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Relevant Interests: , eye problems

All Interests: Comprehensive Ophthalmology, Eye Problems

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Specializes in Ophthalmology
856 First Street
Macon, GA
 

Dr. David Boone's area of specialization is ophthalmology (eye disease). He is in-network for Humana HMO, Humana Bronze, and Humana Catastrophic, in addition to other insurance carriers. Dr. Boone attended medical school at Rosalind Franklin University of Medicine and Science, Chicago Medical School. He trained at a hospital affiliated with Oklahoma State University for residency.

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Relevant Interests: , anterior segment diseases

All Interests: Anterior Segment Diseases, Cataract Surgery with Intraocular Lens Implantation

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Specializes in Ophthalmology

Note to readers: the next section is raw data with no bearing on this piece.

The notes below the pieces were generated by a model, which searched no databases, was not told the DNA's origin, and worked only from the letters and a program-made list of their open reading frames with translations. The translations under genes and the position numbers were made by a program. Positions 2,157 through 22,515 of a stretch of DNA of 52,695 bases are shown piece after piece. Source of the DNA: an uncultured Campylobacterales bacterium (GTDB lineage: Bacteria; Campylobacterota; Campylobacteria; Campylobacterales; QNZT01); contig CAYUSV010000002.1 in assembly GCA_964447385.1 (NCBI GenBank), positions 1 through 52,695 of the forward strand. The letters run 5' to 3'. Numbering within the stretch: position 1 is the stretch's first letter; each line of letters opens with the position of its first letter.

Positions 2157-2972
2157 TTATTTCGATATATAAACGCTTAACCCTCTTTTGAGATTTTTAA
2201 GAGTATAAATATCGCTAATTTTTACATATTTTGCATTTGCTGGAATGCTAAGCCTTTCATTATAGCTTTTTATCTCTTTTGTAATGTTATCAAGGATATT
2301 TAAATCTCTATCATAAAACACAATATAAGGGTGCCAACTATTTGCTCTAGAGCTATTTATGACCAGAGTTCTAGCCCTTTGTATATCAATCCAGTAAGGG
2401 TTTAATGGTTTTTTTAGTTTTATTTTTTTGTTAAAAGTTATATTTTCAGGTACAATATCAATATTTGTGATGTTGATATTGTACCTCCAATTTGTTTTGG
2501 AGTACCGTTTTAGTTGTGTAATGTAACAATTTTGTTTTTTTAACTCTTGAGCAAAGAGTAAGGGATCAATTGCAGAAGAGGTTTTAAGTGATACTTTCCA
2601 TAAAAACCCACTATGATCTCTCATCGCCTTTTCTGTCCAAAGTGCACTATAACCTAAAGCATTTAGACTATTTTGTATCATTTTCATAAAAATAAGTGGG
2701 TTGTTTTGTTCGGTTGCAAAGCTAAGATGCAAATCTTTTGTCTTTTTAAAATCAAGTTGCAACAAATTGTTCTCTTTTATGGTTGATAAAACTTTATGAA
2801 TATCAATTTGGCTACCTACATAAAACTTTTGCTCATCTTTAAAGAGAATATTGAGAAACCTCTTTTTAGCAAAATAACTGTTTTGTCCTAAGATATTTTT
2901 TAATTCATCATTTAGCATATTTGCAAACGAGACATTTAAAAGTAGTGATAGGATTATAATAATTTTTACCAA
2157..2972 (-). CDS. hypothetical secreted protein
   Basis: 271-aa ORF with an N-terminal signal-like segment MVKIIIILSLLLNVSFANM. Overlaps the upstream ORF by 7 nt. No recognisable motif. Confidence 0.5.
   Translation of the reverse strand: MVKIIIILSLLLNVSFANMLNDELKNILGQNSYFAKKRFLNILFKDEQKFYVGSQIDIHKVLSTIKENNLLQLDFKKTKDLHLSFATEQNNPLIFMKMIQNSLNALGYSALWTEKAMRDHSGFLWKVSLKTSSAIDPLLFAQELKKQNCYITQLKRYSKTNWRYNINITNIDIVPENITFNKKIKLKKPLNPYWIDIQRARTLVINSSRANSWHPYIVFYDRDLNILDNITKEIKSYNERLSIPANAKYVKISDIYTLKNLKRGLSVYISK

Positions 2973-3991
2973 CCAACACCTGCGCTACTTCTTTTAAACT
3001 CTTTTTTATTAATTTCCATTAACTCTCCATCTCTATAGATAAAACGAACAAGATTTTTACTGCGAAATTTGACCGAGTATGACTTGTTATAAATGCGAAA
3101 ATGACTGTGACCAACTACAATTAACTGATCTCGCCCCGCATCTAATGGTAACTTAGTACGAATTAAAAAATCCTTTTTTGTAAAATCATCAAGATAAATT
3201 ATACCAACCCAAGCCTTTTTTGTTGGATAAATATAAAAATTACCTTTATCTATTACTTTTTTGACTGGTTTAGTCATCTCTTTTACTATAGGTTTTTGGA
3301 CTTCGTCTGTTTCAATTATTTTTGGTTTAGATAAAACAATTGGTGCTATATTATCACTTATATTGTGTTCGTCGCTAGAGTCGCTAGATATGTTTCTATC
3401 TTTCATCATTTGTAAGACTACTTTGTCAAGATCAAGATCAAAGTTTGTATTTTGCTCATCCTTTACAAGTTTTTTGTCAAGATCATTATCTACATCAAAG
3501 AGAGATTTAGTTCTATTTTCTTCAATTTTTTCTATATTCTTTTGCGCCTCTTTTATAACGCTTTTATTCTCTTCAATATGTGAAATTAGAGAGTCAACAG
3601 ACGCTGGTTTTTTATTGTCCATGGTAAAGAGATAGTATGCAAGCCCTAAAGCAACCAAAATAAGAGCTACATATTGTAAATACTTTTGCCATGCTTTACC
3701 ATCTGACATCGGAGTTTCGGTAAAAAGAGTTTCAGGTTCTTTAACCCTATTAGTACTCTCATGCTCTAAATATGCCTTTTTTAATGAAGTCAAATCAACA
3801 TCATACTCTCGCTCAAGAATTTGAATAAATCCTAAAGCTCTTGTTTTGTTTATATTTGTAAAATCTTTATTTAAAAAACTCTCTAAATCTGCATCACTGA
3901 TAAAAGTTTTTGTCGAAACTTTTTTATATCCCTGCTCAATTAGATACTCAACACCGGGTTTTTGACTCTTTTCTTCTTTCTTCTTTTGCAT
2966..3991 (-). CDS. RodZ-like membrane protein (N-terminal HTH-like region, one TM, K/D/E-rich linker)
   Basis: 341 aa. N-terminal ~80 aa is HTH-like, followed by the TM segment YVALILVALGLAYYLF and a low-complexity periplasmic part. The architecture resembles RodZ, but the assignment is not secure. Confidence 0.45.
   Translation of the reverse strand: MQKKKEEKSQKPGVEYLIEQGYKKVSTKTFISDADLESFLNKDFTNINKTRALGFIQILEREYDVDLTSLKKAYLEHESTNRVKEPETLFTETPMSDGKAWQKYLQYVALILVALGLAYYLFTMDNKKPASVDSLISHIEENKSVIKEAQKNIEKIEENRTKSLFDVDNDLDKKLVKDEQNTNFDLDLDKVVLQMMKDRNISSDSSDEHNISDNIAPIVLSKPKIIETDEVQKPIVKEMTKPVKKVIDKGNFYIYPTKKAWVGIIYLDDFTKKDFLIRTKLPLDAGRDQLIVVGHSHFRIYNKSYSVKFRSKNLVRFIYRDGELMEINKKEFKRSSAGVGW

626 1st Street
Macon, GA
 

Dr. William Jarrard is a Macon, GA physician who specializes in ophthalmology (eye disease). On average, patients gave him a rating of 4.5 stars out of 5. Dr. Jarrard is an in-network provider for several insurance carriers, including Humana HMO, Humana Bronze, and Humana Catastrophic. After attending Georgia Regents University, Medical College of Georgia for medical school, he completed his residency training at a hospital affiliated with Medical College of Georgia.

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Relevant Interests: , eye problems

All Interests: Comprehensive Ophthalmology, Eye Problems

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Specializes in Ophthalmology
1429 Oglethorpe Street
Macon, GA
 

Dr. John Page practices ophthalmology (eye disease). Dr. Page's areas of expertise consist of anterior segment diseases and comprehensive ophthalmology. After completing medical school at Georgia Regents University, Medical College of Georgia, he performed his residency at a hospital affiliated with Virginia Commonwealth University (VCU). He accepts Humana HMO, Humana Bronze, and Humana Catastrophic, in addition to other insurance carriers.

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Relevant Interests: , anterior segment diseases